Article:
“Suddenly, experts matter,” says Marcia McNutt, president of the National Academy of Sciences, the brain trust for the government Abraham Lincoln established 157 years ago.
“People realize, when the chips are down and everything is on the line and you can be the next person in the hospital bed, it’s the experts that you want to listen to and the experts you wish you had listened to all along,” McNutt says.
Scientists know this is no time to gloat and they obviously didn’t want this to happen. But those whose warnings of pandemics and other disasters, particularly involving climate change, have gone unheeded see a “told-you-so type of moment” unfolding. As Texas Tech climate scientist Katharine Hayhoe puts it, “Every disaster movie starts with a scientist being ignored.”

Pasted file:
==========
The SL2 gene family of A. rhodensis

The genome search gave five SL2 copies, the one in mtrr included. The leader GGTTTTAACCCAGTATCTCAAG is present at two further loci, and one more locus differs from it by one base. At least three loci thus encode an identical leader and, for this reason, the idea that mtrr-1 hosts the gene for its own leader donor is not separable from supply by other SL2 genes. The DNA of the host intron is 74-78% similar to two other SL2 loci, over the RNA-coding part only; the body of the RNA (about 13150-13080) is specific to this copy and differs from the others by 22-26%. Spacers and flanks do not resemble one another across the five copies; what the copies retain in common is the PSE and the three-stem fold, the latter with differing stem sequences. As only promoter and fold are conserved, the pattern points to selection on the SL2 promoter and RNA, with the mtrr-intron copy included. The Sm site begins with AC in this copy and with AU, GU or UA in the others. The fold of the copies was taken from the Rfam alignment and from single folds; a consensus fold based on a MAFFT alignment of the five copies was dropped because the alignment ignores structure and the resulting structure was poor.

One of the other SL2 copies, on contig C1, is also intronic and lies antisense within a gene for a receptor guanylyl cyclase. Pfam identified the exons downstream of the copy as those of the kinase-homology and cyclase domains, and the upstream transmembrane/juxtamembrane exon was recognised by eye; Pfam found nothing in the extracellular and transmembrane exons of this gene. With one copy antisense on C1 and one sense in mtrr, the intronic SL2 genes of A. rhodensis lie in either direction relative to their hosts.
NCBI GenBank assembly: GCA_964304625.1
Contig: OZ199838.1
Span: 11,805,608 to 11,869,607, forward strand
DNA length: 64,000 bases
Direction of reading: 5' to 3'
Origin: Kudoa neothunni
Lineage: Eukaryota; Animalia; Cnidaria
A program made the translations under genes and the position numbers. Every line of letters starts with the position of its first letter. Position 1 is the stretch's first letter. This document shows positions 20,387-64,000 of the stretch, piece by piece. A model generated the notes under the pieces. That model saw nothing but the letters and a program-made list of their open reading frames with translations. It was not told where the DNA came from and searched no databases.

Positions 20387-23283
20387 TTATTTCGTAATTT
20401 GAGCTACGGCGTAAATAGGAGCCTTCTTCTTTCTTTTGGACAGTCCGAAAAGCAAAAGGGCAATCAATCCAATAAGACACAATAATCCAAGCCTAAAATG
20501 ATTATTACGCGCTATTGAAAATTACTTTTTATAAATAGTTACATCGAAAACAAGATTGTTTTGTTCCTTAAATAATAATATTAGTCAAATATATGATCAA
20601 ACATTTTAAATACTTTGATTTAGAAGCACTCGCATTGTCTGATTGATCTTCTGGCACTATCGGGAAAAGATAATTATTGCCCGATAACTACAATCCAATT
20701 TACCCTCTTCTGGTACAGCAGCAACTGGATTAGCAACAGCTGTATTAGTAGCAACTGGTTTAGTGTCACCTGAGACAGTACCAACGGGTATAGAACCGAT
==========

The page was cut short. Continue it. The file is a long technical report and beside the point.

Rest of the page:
“Americans have been subject to a lifetime of anti-scientific, anti-expertise, and anti-government propaganda. I’m not surprised at all that many of us choose to believe the propagandists instead of the scientists,” says science historian Erik Conway, co-author of the book “Merchants of Doubt.”